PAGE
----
Automate testing Genesys' Web Messenger

Manually testing chatbots can be a slow and error-prone process, especially when testing all potential customer journeys. The quicker and more reliable approach to testing is to rely on automated tests, which can be triggered with a click of a button, test all the functionality in a fraction of the time and even act as documentation.

In this article I will guide you through how to write automated tests for Genesys’ Web Messenger using a tool I wrote (in the absence of any others) aptly named Genesys Web Messaging Tester. As an aside, we use this tool at OVO as part of a CI/CD process to test our chatbots before they’re deployed to production.

If you want to see the tool and its code head on over to Genesys Web Messaging Tester on GitHub.

Writing automated tests

The tool I’ve written uses Web Messenger’s guest API to simulate a customer talking to a Web Messenger Deployment. Once the tool starts an interaction it follows instructions defined in a file called a ‘test-script’, which tells it what to say and what it should expect in response. If the response deviates from the test-script then the tool flags the test as a failure, otherwise the test passes.

Diagram showing tool using test-script to test Genesys Web Messenger

It’s all pretty straight forward, and as a bonus, because the test-script looks a lot like a transcript (as you’ll see later) it can be shared with the wider business as documentation on how your messenger flow works from a customer’s perspective.

Now we have an overview let’s press on with installing the tool and writing a test for a highly contrived chatbot…

1. Install the prerequisites

Firstly, we need to download and install the Node.js runtime. This will allow you to install and run the testing tool.

2. Install the tool

Next install the Genesys Web Messaging Tester tool by running the following in Command Prompt for Windows, or Terminal for Mac/Linux:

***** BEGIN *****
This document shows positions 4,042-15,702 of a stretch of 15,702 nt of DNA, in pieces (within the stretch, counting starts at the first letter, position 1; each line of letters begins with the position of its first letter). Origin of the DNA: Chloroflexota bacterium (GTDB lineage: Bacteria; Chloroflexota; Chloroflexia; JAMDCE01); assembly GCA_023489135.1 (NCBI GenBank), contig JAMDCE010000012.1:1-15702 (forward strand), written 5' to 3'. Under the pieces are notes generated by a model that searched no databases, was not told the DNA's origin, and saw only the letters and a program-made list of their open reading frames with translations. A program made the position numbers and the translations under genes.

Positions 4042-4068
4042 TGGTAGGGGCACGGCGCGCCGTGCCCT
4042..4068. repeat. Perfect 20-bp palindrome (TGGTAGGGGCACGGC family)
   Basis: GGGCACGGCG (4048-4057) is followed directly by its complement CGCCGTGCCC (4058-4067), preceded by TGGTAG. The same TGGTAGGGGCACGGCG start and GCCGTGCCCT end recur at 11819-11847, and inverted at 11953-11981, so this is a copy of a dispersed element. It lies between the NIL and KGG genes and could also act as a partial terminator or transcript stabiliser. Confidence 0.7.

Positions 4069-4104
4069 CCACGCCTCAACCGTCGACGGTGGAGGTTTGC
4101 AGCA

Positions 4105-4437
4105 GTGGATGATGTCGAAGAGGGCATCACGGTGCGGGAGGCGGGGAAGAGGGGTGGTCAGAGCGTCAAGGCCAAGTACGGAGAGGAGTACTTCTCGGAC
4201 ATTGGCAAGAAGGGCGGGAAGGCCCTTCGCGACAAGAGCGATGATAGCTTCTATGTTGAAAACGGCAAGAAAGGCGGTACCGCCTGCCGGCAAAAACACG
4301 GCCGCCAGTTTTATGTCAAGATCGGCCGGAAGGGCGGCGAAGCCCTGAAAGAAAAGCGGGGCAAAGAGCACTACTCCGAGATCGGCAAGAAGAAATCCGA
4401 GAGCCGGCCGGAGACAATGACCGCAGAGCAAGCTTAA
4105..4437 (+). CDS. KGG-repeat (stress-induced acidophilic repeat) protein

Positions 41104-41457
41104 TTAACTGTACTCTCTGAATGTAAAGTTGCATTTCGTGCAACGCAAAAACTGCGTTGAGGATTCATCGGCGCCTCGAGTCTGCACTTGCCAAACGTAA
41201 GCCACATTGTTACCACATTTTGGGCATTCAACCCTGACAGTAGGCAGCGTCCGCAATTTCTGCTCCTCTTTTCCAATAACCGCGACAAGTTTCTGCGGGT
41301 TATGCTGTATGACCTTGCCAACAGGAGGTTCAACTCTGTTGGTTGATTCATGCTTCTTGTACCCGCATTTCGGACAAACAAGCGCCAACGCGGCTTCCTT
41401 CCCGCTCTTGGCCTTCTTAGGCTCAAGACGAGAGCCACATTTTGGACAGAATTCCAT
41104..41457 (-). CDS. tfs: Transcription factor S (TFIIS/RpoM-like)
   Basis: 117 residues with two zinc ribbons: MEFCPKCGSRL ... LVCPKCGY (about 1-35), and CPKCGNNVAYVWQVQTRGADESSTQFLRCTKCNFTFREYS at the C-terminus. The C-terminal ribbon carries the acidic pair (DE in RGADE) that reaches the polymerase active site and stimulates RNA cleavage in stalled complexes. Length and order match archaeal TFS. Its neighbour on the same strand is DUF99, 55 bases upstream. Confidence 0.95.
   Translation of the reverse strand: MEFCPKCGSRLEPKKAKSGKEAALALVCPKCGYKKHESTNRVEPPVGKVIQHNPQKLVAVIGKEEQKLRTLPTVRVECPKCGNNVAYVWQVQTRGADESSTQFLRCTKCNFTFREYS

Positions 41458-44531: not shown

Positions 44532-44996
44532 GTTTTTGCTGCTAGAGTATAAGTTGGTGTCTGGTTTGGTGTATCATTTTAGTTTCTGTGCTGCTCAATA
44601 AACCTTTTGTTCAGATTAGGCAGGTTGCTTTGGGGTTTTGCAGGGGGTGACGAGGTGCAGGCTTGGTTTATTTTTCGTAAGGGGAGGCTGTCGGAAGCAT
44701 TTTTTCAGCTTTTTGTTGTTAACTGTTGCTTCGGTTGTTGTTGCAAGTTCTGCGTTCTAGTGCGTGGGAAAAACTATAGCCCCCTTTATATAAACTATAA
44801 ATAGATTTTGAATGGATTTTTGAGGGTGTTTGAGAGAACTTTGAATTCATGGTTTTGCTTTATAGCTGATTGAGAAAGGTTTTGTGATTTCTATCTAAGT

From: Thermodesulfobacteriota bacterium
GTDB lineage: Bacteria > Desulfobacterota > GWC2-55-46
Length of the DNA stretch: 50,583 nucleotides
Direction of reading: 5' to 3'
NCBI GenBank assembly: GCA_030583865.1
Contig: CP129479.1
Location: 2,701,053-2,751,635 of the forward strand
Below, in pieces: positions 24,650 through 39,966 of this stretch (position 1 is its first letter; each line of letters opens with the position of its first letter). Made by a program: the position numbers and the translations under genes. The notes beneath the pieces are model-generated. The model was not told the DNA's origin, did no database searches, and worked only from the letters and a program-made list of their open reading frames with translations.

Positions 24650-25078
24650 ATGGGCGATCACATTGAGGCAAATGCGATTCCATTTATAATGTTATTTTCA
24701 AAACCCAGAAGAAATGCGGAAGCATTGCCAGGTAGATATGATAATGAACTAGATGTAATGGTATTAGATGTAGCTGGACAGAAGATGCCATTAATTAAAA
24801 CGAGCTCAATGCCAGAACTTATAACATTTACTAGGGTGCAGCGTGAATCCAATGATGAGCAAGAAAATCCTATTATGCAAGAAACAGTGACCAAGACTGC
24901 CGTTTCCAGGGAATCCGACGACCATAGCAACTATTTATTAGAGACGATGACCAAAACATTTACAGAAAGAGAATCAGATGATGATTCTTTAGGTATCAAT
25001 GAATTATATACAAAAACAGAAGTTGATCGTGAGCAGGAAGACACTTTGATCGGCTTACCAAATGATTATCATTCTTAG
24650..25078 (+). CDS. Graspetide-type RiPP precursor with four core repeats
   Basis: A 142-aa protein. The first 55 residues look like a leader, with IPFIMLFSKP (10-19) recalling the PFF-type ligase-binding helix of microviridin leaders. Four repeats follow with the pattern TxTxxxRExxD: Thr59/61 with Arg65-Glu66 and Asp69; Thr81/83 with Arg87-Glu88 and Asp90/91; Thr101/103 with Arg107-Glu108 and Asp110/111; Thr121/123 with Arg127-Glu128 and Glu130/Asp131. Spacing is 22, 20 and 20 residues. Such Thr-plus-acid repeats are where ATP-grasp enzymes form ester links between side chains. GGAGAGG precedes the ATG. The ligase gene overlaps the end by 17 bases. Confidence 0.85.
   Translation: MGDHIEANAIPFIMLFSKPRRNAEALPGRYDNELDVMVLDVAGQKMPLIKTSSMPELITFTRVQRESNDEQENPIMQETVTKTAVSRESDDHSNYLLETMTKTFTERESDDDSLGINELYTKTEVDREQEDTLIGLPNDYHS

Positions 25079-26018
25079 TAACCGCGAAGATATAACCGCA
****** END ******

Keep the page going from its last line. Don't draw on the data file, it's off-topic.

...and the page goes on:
npm install -g @ovotech/genesys-web-messaging-tester-cli

Once installed you can run the command web-messaging-tester --help to see how to use the tool.

$ web-messaging-tester --help
Usage: index [options] <filePath>

  filePath                             Path of the YAML test-script file

  -id, --deployment-id <deploymentId>  Web Messenger Deployment's ID
  -r, --region <region>                Region of Genesys instance that hosts the Web Messenger Deployment
  -o, --origin <origin>                Origin domain used for restricting Web Messenger Deployment
  -p, --parallel <number>              Maximum scenarios to run in parallel (default: 1)
  -h, --help                           display help for command

3. Write a Test-Script

We are now ready to write a test-script for a Web Messenger Deployment.

The highly contrived chatbot that we’ll use as the subject of our test does the following:

  1. Asks the customer for their name
  2. Greets them by their name and asks how it may help

Web Messenger Conversation

The test-script for such as simple bot is equally simple:

# test-script.yaml

  deploymentId: 12345c7d-123a-123a-1f3d-a104e02a86a7
  "Customer is greeted by the name they provide":
    - say: hi
    - waitForReplyContaining: what is your name?
    - say: Lucas
    - waitForReplyContaining: Hello Lucas, how may I help you today?

The test-script is written in a format known as YAML, and consists of two sections:


This section contains the attributes necessary for the tool to find the Messenger Deployment it will test:


This section contains a list of scenarios that you want to test, along with the instructions of what to say/expect beneath each of them. In this case there is only one scenario, but in reality you’d have many more.

4. Run the test

The final and most satisfying part is now upon us, running the tests! It’s pretty straightforward, you just point the Web Messaging Tester tool at the test-script file:

web-messaging-tester test-script.yaml

Then watch it test the deployment:

Recording of Web Messenger test


Hopefully this article has shown how easy it is to test Web Messenger Deployments, along with the advantages that come with automation! However, automated testing doesn’t have to stop here… I’m working on another tool for automating the testing of call flows which I’d like to blog about soon.

Lastly, if you have any questions about the tool discussed in this article then checkout the documentation on its GitHub repository or Tweet me @SketchingDev.